Me, neither, Emmett said. Maybe this isn’t such a good idea. Maybe we should turn b-back.

    Oh, now, don’t, Cody said. We’re almost to Lost Meadow. All this way, and you want to go home before we catch us a glimpse? He patted his pocket again. You seen these handbills, same as me, I know you have. Posted all over town. Din’t the fancy-man bring one to your pa’s office week-a’forelast?

    He d-did . . . Emmett had been perched at the clerk’s desk in the file room, laboring over his sums under his pa’s merciless scrutiny—following an unsatisfactory report from Miz Abigail the schoolmarm—when the fancy-man had come in.

    And, lordy, hadn’t he been a fancy one! Trousers of what looked like black velvet, glossy black leather boots, snow-white high-collar shirt, shiny sateen vest of emerald green, a matching dandy green cap tilted rakishly atop slicked-back jet-black hair, watch-chain and cuff-links twinkling gold! His eyes had been likewise green, likewise twinkling. A beaming smile had shone bright through boyish, dimpled cheeks as the fancy-man strode bold-as-billy up to Mr. Pryce, extending a hand while launching into his speech.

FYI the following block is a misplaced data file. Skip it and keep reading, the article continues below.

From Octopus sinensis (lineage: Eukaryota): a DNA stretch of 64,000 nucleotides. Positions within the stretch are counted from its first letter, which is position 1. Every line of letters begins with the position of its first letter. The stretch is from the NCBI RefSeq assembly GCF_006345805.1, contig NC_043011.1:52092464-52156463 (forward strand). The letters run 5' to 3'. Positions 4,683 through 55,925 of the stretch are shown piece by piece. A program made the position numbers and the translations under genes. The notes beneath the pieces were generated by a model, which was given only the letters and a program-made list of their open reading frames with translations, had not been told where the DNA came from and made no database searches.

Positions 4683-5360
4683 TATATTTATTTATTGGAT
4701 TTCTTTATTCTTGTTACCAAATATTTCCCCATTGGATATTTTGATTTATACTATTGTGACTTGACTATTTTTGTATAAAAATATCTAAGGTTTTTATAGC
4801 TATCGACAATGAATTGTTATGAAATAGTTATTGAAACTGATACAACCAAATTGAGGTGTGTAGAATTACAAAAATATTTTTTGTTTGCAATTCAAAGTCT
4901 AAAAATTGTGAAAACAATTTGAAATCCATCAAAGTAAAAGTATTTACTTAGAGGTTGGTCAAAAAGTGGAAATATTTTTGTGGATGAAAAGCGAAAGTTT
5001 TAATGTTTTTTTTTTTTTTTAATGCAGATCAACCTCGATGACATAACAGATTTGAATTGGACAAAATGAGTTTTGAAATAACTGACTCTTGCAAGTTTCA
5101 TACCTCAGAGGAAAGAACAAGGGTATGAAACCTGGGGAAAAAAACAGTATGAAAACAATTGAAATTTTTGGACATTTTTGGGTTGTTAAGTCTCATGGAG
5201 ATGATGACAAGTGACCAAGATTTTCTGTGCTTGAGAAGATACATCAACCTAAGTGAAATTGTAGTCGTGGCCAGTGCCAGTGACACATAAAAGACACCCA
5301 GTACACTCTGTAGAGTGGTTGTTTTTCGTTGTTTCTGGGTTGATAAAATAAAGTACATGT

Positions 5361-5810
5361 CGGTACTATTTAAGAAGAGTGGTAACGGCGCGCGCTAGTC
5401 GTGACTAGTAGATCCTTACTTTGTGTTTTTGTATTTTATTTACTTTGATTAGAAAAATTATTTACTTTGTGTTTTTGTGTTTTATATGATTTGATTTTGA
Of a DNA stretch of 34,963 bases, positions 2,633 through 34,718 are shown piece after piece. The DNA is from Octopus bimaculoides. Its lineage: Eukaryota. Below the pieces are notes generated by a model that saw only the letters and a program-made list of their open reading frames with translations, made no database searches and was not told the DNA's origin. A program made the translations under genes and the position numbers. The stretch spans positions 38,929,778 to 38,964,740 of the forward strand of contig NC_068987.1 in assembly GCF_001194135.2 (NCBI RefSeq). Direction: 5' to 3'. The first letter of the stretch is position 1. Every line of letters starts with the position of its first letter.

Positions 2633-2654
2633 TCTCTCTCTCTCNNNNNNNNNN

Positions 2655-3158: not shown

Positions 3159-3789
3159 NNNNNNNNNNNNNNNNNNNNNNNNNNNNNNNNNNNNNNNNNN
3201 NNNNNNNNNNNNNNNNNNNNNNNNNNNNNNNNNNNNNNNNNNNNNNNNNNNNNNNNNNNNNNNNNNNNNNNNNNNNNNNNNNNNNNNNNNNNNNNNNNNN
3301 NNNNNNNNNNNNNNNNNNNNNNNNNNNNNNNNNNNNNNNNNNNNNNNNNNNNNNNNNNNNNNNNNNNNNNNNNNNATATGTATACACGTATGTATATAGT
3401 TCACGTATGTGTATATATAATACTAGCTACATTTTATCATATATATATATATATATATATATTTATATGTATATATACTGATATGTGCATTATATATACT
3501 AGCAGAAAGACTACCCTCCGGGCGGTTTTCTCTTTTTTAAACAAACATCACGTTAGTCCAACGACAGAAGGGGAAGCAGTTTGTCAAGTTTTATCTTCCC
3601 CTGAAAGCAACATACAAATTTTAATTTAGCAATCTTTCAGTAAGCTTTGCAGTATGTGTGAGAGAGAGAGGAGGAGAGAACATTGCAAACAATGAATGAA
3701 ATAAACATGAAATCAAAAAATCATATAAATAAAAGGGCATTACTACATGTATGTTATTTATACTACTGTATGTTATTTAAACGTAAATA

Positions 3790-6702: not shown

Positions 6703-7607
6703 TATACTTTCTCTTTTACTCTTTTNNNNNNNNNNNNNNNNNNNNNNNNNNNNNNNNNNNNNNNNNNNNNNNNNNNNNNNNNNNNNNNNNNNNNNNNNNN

Rapid-patter though the fancy-man spoke, he only got a few sentences in before Mr. Pryce had silenced him with a raised stop-palm and a glowering look.

    . . . and my pa would have none of it, Emmett continued. Said Silver River might be on its last legs but was still too fine a town for traveling trash. Wouldn’t let him post a handbill in the window. Told him to try his luck in Winston City or some other place without decent m-morals.

    "Traveling trash? Cody echoed. It’s a circus, is all! A show!"

    "A freak-show," Albert added, kind of under his breath, but Cody heard him anyways.

    A carnival of oddities and museum of marvels. Says so right here! He pulled the oft-folded paper from his pocket and unfolded it along its creases, tilting it into the modest spill of lantern-light.